UK shale gas deposits

Great Britain holds significant reserves of the in-demand gas. Britain has sizeable reserves of shale gas in a band running under the Pennines from Lancashire to Humberside, with further deposits in Hampshire, Sussex, Kent, south Wales, central Scotland and Northern Ireland.


Cuadrilla puts the potential resources in Lancashire alone at a 200 trillion cubic feet – an amount that could supply the whole of the UK’s gas needs for more than five decades. British Geological Survey put the likely resources at 4.7 trillion cubic feet. Even then, only about 5% to 10% of that figure is likely to be recoverable. In order to wring the maximum from the UK’s resources, there will need to be six to eight wells per square mile around each of the tens of sites to be explored, including as many as 800 in Lancashire and more in areas such as Sussex.

Shale gas is now one of the major sources of energy in the US, following years of intensive fracking operations, but critics point to ravaged landscapes, contaminated water supplies and potentially damaging pipeline installations left by industrial-scale operations, as well as concerns over the long-term safety of the wells. Although natural gas is supposed to be a “cleaner” fuel than coal, releasing less carbon when burned, evidence also suggests fracking produces more carbon than exploring for conventional gas supplies, making the fuel less attractive from an environmental point of view.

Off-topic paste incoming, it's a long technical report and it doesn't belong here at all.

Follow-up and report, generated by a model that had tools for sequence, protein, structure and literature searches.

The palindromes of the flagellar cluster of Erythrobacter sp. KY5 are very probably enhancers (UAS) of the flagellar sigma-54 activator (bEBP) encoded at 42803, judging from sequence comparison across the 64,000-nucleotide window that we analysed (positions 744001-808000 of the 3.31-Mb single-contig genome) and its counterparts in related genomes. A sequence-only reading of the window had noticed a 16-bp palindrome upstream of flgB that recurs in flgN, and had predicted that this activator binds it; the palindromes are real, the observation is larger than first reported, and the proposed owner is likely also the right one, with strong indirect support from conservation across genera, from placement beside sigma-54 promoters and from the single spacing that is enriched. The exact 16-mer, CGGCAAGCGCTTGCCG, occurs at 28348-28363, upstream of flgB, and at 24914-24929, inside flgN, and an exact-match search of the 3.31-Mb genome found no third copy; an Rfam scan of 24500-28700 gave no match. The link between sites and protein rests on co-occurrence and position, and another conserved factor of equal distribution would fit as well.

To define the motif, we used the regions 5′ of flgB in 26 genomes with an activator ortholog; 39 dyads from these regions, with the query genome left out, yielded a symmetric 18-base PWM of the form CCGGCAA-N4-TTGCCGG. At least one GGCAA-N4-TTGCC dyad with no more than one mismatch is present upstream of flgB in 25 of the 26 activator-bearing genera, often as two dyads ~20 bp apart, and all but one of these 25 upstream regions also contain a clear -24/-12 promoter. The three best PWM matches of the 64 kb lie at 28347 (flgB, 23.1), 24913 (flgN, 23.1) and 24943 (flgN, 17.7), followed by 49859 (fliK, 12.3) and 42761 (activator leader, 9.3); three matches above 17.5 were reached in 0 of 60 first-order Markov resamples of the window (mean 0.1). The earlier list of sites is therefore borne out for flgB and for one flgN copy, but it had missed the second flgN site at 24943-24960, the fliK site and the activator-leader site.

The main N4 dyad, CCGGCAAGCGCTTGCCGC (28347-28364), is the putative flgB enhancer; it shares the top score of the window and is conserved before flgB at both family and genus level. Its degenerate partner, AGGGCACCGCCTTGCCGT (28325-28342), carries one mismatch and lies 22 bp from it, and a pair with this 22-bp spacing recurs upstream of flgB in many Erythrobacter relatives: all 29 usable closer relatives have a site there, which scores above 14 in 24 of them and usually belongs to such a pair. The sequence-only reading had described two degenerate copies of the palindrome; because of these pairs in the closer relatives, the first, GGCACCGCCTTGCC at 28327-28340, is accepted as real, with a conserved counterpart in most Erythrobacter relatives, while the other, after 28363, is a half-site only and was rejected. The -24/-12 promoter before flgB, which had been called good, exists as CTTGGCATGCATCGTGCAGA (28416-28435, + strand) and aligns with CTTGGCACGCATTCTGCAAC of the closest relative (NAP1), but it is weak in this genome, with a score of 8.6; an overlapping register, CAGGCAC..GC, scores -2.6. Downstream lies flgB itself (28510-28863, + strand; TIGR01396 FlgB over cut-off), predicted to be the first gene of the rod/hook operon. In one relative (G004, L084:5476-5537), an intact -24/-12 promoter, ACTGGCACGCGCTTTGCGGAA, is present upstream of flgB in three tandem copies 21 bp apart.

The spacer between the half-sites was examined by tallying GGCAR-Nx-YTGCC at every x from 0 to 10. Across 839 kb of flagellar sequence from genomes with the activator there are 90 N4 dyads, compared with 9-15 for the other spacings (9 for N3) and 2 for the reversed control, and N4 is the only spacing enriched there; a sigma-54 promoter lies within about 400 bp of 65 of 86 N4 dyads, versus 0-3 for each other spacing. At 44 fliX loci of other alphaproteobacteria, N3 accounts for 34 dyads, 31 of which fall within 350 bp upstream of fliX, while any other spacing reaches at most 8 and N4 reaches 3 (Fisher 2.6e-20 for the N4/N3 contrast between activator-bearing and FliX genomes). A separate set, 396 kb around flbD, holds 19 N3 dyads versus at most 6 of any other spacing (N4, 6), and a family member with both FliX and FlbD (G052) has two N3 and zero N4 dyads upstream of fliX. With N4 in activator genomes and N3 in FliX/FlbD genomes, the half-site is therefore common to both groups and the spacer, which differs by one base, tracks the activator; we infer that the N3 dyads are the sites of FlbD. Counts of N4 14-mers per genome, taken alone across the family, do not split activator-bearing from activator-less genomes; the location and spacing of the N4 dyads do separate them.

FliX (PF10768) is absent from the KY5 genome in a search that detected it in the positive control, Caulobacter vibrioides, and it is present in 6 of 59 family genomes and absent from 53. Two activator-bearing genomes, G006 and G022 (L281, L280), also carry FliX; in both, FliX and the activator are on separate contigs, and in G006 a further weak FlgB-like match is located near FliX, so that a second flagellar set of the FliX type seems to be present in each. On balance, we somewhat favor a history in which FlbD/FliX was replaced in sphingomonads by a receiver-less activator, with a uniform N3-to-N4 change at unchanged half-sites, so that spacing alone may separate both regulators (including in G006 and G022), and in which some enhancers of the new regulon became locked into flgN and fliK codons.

Many shale deposits are buried under aquifers, and if the cement casing around the wellhole is not adequate, then the process of drilling and fracking can release the chemicals into the aquifer. Leaks of methane can occur, leading potentially to fires or explosions.

The water-chemical mixture pumped in gradually returns to the surface, where it can contaminate land and water. It can also be highly saline and contain solids, such as flakes of rock. Some companies have been accused of poor disposal of the sludge waste that results from fracking. In addition, the vast quantities of water used can lead to problems by depleting local ecosystems. There is also concern about the seismic activity involved in fracking.

More about fracking and disposal wells in US and about it connection with earthquakes read in our earlier post The startling increase in earthquakes across US is “almost certainly man-made”.

Sources: TheGuardian, BBC, Telegraph, British Geological Survey

Featured image:  Protesters scale a shale gas rig near Southport, Merseyside. An insurance broker has downplayed the risks of fracking. Photograph: Peter Byrne/PA


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  1. The pragmatic approach appears to be ‘safe now – pollution later’ and by that time the one’s responsible will have vanished from the spotlight and be free from possible prosecution. Earthquakes however are a natural geographical fact.